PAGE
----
to normalize conditions. With a carb you just cause running problems
and engine damage if you don’t recalibrate

6) Over-carburetion. We still suffer from "bigger is always
better" syndrome. I don’t know how many times I have to say this, but
it’s NOT. Too often people will take their fresh new engine, slap it
into the hole, and then add about twice what the engine can ever hope
to use for carburetion. They think they are improving performance, but
usually they are making problems. Too much carb will cause hesitation,
stumbling, decreased performance, poor fuel mileage, and lots of

On’s  forum, you will see a section with
calculators (this is a free site). Plug in the engine data and you’ll
get a cfm capacity for that engine. It will surprise you when you find
out just how often people use way more carb than the engine can handle!
For example, a 350 cube engine, with a red-line of 6,500 rpm and
operating at 100 percent volumetric efficiency (few engines do this)
needs just 658 cfm. Throwing that 850 cfm unit on this engine will kill
performance where it can be used for the sake of theoretical
performance above where the engine will ever be run. Am I the only one
who sees how dumb that is?

The bottom line here is that you can do a perfect, high-quality job in
your shop and send out an engine that should run well and long only to
find that because the carb wasn’t rebuilt, repaired, recalibrated, or
simply the wrong one you see it come back with failures and complaints.
I’m suggesting that at the very least you educate yourself and your
customer to prevent this.

Talk with your customer and fill him in about this. Make it clear that
it is an essential and even critical part of making that engine run
right and last. Make it clear who has the responsibility and who will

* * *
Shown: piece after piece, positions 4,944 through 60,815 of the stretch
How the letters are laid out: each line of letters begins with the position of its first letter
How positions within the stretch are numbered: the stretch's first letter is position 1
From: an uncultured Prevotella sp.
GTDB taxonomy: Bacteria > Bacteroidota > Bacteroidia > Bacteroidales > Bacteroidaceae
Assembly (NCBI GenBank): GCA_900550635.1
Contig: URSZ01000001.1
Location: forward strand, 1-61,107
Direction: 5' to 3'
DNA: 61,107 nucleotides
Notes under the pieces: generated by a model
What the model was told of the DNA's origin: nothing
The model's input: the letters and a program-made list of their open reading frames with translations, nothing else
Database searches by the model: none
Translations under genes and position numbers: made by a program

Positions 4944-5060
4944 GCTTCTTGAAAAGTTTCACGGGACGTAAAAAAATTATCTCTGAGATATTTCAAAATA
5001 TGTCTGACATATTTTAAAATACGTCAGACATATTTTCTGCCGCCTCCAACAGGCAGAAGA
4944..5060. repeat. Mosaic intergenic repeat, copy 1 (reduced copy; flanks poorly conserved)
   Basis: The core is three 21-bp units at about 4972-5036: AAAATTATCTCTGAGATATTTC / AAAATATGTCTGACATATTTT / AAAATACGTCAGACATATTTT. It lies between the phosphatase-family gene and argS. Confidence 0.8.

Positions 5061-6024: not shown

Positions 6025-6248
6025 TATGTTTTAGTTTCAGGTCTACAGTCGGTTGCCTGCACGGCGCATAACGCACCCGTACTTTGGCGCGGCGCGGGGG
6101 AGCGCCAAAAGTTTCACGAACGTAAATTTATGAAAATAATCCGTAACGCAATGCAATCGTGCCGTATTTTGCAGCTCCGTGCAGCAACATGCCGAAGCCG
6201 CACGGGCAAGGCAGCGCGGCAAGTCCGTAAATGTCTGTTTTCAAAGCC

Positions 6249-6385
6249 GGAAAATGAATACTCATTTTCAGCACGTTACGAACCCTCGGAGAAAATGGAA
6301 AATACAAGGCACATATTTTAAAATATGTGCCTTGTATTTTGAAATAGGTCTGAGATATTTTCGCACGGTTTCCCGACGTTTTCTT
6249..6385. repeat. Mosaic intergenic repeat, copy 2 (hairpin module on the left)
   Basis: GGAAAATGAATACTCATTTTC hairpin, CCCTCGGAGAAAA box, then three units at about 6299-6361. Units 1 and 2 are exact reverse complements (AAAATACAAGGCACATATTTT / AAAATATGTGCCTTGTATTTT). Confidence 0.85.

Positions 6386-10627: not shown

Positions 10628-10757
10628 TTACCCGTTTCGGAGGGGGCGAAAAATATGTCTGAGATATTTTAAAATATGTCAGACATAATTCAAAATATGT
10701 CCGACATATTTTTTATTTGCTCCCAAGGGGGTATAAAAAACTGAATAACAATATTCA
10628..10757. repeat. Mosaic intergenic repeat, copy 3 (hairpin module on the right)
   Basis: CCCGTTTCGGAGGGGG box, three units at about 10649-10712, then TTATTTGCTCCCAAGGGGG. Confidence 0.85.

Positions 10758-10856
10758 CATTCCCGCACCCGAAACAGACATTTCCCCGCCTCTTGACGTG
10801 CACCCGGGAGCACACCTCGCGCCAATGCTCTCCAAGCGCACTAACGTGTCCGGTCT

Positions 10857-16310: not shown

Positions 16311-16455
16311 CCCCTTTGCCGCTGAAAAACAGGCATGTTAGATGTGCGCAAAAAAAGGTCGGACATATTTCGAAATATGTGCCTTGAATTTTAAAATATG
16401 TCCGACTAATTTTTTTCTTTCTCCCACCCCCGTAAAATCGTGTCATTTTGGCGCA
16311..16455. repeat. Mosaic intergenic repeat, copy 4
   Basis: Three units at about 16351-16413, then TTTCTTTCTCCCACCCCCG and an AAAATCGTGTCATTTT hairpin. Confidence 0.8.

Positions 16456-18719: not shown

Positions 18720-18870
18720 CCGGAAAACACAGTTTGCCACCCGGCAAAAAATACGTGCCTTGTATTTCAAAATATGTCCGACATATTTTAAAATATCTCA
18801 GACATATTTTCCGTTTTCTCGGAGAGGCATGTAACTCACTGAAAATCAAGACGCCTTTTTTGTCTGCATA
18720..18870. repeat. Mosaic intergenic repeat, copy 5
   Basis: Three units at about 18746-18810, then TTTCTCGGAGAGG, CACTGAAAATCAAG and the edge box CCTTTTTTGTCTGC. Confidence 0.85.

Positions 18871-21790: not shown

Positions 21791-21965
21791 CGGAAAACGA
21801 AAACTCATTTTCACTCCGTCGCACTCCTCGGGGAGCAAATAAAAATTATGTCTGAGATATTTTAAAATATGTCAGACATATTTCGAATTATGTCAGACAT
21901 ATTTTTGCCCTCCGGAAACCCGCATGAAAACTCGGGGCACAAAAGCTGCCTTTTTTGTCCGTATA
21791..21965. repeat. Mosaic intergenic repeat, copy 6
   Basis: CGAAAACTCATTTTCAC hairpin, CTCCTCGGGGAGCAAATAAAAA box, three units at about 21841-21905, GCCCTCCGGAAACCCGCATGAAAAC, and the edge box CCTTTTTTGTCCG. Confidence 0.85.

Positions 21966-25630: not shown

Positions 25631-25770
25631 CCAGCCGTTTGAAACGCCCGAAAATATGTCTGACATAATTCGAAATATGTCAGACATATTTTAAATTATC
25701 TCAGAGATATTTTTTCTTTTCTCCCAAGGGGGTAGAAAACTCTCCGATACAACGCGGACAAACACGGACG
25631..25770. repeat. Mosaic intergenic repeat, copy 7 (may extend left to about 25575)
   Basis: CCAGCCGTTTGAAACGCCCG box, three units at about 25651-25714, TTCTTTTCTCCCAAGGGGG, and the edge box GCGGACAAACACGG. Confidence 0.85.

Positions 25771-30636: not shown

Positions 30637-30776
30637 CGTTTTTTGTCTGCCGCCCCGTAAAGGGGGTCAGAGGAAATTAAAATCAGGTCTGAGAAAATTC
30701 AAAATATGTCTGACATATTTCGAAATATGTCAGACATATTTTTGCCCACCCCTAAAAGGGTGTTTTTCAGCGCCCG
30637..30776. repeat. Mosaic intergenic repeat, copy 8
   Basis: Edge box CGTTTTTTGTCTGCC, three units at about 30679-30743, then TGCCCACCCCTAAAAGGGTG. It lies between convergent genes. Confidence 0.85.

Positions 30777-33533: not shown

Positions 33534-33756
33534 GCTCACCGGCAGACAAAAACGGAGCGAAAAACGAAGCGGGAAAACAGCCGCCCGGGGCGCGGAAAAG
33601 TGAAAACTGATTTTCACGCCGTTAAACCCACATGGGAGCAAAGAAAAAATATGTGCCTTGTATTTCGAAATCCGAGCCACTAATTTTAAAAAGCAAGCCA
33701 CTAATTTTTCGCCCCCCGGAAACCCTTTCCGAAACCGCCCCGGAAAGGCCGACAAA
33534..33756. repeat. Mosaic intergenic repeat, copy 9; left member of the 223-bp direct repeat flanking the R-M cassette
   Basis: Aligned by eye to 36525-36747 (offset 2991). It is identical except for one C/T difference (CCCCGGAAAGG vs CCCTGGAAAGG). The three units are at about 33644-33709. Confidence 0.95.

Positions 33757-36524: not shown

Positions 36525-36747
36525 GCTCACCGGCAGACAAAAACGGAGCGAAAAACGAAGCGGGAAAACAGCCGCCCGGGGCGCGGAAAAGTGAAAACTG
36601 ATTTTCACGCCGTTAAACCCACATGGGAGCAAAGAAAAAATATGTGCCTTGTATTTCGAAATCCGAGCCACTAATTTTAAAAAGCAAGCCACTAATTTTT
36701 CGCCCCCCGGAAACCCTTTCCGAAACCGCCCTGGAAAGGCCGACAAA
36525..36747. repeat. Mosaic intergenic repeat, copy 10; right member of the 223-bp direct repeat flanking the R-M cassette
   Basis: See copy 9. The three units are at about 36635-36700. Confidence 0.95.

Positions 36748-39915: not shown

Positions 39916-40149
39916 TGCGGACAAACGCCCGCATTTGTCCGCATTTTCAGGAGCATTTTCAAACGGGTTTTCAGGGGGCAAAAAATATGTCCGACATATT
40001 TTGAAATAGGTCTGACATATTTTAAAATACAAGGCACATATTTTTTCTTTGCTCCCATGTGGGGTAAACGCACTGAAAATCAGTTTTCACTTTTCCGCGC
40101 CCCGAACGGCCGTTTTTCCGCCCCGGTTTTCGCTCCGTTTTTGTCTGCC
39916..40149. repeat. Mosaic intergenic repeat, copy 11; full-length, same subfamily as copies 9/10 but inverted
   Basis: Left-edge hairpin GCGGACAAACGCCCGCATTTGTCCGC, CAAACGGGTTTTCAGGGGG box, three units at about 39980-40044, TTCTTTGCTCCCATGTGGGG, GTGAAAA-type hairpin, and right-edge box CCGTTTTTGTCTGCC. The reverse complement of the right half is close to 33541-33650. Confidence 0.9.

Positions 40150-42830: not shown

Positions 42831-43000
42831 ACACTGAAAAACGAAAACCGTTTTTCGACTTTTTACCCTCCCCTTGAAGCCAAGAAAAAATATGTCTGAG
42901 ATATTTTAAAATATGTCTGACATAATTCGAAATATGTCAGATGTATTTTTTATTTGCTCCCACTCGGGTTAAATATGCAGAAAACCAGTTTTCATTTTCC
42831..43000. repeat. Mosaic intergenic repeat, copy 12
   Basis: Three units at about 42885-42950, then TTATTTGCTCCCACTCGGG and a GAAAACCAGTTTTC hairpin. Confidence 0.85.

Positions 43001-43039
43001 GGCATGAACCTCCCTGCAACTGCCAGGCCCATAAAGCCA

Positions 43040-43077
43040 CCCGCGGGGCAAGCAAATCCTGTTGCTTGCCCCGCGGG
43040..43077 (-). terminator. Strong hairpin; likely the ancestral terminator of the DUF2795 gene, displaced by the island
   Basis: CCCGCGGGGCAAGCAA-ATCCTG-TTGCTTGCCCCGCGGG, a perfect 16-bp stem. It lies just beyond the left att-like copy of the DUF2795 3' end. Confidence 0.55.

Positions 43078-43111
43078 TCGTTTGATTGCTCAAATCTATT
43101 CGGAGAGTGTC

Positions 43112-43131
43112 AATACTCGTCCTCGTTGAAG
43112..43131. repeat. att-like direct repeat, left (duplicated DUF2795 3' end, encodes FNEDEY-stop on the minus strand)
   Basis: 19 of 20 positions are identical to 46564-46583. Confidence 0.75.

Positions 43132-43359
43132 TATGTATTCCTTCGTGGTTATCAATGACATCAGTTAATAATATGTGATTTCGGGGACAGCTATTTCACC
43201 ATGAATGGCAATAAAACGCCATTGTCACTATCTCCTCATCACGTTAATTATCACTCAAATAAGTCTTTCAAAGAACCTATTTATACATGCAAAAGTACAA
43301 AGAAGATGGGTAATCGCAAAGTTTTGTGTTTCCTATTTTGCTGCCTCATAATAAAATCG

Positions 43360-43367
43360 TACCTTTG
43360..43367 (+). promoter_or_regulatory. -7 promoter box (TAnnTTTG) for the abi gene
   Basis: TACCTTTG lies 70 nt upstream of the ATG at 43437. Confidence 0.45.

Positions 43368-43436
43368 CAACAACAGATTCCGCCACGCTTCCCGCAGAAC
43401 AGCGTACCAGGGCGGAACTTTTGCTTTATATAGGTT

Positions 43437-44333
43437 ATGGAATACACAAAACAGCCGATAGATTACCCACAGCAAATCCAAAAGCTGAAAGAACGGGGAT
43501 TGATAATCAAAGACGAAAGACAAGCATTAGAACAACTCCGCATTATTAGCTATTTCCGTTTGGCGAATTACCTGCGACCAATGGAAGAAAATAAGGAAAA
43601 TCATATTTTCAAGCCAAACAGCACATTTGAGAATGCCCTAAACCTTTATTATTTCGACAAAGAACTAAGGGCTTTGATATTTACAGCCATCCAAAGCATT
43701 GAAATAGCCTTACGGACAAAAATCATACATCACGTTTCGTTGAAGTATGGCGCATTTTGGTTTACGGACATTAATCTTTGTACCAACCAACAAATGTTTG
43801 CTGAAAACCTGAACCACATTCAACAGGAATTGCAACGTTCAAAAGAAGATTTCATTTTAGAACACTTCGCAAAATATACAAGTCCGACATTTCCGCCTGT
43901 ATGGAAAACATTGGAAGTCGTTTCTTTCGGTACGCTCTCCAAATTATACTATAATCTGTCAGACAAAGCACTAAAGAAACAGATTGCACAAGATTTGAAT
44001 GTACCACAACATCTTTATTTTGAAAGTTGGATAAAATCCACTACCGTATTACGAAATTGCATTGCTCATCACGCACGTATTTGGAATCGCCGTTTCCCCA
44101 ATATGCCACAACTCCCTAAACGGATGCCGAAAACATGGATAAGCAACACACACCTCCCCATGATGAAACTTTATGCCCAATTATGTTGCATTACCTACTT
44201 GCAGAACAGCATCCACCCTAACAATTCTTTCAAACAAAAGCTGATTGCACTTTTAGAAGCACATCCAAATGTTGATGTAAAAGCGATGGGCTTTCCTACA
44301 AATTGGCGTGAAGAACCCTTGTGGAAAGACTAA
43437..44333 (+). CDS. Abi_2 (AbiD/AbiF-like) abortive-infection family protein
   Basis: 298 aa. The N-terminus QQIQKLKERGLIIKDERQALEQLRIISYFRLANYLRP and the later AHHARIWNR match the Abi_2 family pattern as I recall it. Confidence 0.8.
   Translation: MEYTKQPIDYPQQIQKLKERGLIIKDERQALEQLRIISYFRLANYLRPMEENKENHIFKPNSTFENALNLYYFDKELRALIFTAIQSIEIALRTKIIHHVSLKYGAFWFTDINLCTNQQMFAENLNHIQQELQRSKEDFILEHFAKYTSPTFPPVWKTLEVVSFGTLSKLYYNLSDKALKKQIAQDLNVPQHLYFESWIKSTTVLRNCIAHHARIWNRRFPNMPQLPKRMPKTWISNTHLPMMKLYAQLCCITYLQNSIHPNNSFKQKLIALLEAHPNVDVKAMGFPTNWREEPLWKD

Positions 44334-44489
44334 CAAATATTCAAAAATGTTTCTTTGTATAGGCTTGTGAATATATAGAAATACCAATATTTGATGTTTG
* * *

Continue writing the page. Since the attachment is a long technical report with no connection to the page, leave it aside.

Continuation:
pay if this is not done. Frankly, I think it needs to be part of the
paperwork; something the customer reads and signs so the importance and
responsibility are clearly stated and understood. You may find that by
the simple effort of communicating this kind of thing clearly you will
be not only protecting your finances and reputation, but doing a real
customer service as well.
ok, so you have a high-quality rebuild, perhaps even a custom-built performance engine you are going to charge serious money for. is this what you want to see hosed off and slapped on that engine? do you think that maybe it could be the cause of failures and complaints? protect yourself!These are 60-year-old vintage Strombergs.  They didn
	</div><!-- .entry-content -->

		<div class=

You May Also Like

Shop Solutions May 2024

Those who submit Shop Solutions that are published are awarded a prepaid $100 Visa gift card. Submit your Shop Solution at [email protected].

Engine Builder and Engine Pro present Shop Solutions in each issue of Engine Builder Magazine and at to provide machine shop owners and engine technicians the opportunity to share their knowledge to benefit the entire industry and their own shops. Those who submit Shop Solutions that are published are awarded a prepaid $100 Visa gift card. Submit your Shop Solution at [email protected]. You must include your name, shop name, shop address and shop telephone number. Submitted Shop Solutions not published will be kept on file and reevaluated for each month’s new entries.

Shop Solutions April 2024

Shop Solutions provide machine shop owners and engine technicians the opportunity to share their knowledge to benefit the entire industry and their own shops.

A Different Dyno Design

The dyno is a valuable tool, so it’s nice when an engine builder feels confident in the setup of it. Enter the shipping container engine dyno design.

Properties of Pistons

Pistons are perhaps one of the more sophisticated chunks of metal in the picture. Here’s what you should know.

A New Take on the Rotary Engine

What if we could design a new rotary engine that addresses certain limitations without violating the laws of physics? This is what LiquidPiston has been working at for over a decade.

Other Posts

Perfecting Ring Seal Soup

Using modern honing machines, surface finishes, crosshatch angles, ring materials, and coatings all combine to create a more efficient engine.

Connecting Rod Stress

Connecting rods are subject to constant stress through extreme tensile and compressive loads, each one tied to a different aspect of operation.

Balancing, A State of Equilibrium

The balance of a rotating assembly is critical in every aspect and for every engine.

Factors of Crankshaft Selection

From the high-performance powerplants propelling Top Fuel dragsters to the subdued engines found in family sedans and grocery getters, each crank must be tailored to, and appropriate for, its specific application.